PRECAUTIONS FOR "CARCINOGENS": ... Incineration may be only feasible method for disposal of contaminated laboratory waste from biological expt. However, not all incinerators are suitable for this purpose. The most efficient type ... is probably the gas-fired type, in which a first-stage combustion with a less than stoichiometric air:fuel ratio is followed by a second stage with excess air. Some ... are designed to accept ... aqueous & organic-solvent solutions, otherwise it is necessary ... to absorb soln onto suitable combustible material, such as sawdust. Alternatively, chem destruction may be used, esp when small quantities ... are to be destroyed in laboratory. /Chemical Carcinogens/
PRECAUTIONS FOR "CARCINOGENS": HEPA (high-efficiency particulate arrestor) filters ... can be disposed of by incineration. For spent charcoal filters, the adsorbed material can be stripped off at high temp & carcinogenic wastes generated by this treatment conducted to & burned in an incinerator. ... LIQUID WASTE: ... Disposal should be carried out by incineration at temp that ... ensure complete combustion. SOLID WASTE: Carcasses of lab animals, cage litter & misc solid wastes ... should be disposed of by incineration at temp high enough to ensure destruction of chem carcinogens or their metabolites. /Chemical Carcinogens/
PRECAUTIONS FOR "CARCINOGENS": ... Small quantities of ... some carcinogens can be destroyed using chem reactions ... but no general rules can be given. ... As a general technique ... treatment with sodium dichromate in strong sulfuric acid can be used. The time necessary for destruction ... is seldom known ... but 1-2 days is generally considered sufficient when freshly prepd reagent is used. ... Carcinogens that are easily oxidizable can be destroyed with milder oxidative agents, such as sat soln of potassium permanganate in acetone, which appears to be a suitable agent for destruction of hydrazines or of compounds containing isolated carbon-carbon double bonds. Concn or 50% aqueous sodium hypochlorite can also be used as an oxidizing agent. /Chemical Carcinogens/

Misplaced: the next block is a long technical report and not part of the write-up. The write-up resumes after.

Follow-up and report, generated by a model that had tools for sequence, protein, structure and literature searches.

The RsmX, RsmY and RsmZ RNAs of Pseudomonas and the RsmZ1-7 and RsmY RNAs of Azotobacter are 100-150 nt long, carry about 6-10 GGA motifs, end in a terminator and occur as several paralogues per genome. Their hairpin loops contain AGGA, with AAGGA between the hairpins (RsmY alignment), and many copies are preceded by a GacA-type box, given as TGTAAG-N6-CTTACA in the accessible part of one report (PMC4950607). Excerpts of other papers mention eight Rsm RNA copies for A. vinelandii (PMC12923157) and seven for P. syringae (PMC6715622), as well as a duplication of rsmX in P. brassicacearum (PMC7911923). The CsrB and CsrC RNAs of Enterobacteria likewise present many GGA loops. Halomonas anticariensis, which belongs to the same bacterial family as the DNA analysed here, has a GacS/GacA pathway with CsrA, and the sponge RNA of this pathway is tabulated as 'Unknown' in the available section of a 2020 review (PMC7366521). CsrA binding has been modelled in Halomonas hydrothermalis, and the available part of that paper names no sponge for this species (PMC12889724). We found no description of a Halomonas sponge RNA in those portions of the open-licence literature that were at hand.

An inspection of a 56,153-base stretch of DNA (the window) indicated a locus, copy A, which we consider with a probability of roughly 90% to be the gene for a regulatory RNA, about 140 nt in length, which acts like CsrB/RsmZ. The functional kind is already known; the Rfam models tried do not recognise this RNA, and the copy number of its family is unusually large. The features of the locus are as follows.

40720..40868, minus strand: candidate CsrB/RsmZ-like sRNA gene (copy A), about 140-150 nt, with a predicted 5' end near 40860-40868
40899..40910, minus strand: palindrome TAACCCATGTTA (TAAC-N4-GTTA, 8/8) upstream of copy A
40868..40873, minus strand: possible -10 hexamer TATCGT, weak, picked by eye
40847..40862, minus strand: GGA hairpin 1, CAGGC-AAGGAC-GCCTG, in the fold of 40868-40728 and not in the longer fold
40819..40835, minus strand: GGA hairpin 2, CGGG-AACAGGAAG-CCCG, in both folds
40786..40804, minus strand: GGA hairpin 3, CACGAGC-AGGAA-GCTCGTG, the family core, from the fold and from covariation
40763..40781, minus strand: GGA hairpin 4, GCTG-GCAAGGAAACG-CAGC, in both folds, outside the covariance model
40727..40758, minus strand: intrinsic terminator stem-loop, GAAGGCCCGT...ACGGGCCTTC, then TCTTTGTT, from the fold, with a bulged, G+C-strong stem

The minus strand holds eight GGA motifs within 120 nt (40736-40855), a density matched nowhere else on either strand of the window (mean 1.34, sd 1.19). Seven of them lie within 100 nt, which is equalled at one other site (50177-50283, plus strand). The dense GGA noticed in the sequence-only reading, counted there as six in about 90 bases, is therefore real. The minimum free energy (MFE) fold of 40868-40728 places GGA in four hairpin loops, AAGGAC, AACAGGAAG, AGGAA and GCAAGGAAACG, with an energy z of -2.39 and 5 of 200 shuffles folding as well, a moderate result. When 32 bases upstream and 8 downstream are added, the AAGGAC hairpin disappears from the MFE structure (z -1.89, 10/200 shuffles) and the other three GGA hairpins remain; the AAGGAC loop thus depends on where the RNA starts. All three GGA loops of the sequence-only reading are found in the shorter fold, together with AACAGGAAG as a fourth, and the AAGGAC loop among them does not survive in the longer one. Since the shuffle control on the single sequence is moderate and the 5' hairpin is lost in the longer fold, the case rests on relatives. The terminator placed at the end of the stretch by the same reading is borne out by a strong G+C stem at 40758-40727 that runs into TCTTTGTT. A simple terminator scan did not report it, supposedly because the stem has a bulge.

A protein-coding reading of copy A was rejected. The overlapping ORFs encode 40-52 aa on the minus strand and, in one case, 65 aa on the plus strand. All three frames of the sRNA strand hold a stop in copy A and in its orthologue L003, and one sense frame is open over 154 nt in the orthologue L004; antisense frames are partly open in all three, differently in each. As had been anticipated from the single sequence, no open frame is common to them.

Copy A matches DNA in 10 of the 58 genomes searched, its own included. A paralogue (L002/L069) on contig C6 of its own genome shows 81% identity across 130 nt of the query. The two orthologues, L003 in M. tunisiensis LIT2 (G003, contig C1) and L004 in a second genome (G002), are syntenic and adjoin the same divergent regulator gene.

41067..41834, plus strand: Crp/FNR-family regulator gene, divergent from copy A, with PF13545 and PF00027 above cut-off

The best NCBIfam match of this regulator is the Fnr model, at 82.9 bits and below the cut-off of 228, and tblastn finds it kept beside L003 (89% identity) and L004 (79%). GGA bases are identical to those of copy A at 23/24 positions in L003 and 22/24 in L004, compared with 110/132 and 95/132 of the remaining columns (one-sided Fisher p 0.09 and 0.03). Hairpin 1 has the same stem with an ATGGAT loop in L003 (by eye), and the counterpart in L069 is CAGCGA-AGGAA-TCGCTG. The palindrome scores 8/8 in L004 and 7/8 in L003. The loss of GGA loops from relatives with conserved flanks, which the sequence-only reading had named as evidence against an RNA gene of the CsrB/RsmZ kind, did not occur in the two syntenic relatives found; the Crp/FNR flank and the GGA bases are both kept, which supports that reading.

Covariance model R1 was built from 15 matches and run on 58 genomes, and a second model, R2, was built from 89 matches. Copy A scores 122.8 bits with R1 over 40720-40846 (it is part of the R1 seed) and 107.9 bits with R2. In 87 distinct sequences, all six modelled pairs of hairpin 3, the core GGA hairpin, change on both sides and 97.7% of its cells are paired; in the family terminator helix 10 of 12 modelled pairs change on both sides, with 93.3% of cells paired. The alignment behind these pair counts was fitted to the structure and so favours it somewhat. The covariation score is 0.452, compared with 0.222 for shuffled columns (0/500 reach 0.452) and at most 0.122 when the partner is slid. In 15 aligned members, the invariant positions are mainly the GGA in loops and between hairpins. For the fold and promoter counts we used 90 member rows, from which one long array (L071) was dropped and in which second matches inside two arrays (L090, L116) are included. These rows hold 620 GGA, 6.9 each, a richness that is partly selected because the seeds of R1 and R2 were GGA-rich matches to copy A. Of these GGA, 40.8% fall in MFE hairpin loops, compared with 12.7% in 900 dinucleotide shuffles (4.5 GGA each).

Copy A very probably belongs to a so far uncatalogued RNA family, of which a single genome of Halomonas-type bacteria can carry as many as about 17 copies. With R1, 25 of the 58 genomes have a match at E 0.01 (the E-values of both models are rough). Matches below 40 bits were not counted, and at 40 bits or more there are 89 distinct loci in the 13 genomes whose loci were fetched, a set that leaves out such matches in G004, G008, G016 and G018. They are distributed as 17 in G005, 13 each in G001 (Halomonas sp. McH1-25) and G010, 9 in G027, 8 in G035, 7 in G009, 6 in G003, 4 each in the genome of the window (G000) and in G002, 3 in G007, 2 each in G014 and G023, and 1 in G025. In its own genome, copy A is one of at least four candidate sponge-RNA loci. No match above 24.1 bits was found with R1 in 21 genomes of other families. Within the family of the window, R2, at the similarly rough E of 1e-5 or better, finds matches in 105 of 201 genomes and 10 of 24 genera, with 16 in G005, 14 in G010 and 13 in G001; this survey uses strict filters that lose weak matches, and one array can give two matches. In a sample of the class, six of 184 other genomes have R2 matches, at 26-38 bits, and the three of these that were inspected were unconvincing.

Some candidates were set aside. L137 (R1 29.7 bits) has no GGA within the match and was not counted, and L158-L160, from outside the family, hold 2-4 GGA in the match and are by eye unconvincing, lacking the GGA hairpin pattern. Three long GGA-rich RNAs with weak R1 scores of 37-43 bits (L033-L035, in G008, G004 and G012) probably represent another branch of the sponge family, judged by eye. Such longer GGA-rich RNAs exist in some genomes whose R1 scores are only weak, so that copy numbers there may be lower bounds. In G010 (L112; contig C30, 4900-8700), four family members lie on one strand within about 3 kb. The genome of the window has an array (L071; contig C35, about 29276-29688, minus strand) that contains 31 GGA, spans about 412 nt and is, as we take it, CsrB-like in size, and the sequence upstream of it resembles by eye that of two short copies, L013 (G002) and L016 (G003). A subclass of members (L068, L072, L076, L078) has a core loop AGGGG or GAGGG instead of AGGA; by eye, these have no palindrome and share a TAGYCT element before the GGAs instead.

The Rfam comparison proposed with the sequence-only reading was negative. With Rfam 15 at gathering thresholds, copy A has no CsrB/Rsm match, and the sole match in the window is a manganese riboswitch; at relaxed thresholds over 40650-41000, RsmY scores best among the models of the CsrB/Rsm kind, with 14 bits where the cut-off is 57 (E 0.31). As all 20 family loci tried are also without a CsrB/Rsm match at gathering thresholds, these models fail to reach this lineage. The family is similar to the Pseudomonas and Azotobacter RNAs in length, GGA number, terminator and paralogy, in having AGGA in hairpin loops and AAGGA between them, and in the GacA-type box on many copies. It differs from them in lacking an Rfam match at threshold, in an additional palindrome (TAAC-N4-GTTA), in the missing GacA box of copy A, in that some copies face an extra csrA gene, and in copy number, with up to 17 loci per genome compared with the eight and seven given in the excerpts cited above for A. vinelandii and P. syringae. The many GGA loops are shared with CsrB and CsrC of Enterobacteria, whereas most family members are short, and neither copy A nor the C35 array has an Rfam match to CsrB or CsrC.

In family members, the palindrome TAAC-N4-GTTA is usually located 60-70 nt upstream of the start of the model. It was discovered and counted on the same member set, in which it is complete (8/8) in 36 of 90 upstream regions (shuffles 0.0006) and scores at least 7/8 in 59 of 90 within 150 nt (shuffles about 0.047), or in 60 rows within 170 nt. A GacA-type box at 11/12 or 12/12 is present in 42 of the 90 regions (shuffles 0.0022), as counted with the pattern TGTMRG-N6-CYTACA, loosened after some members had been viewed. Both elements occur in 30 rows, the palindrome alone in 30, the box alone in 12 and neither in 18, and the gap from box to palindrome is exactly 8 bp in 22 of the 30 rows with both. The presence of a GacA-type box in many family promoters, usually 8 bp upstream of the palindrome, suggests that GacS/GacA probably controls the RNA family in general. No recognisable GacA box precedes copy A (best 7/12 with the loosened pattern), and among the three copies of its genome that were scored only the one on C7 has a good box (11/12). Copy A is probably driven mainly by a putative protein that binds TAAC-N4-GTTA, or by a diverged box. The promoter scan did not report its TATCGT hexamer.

PRECAUTIONS FOR "CARCINOGENS": Carcinogens that are alkylating, arylating or acylating agents per se can be destroyed by reaction with appropriate nucleophiles, such as water, hydroxyl ions, ammonia, thiols & thiosulfate. The reactivity of various alkylating agents varies greatly ... & is also influenced by sol of agent in the reaction medium. To facilitate the complete reaction, it is suggested that the agents be dissolved in ethanol or similar solvents. ... No method should be applied ... until it has been thoroughly tested for its effectiveness & safety on material to be inactivated. For example, in case of destruction of alkylating agents, it is possible to detect residual compounds by reaction with 4(4-nitrobenzyl)-pyridine. /Chemical Carcinogens/
Incinerator operating conditions currently considered adequate for complete destruction of 2,3,7,8-TCDD and most other chlorinated organics are a temp of at least 1000 deg C with a dwell time of at least 2 sec. ... The most extensively tested method is incineration, which entails a high-temp oxidation of the dioxin molecules.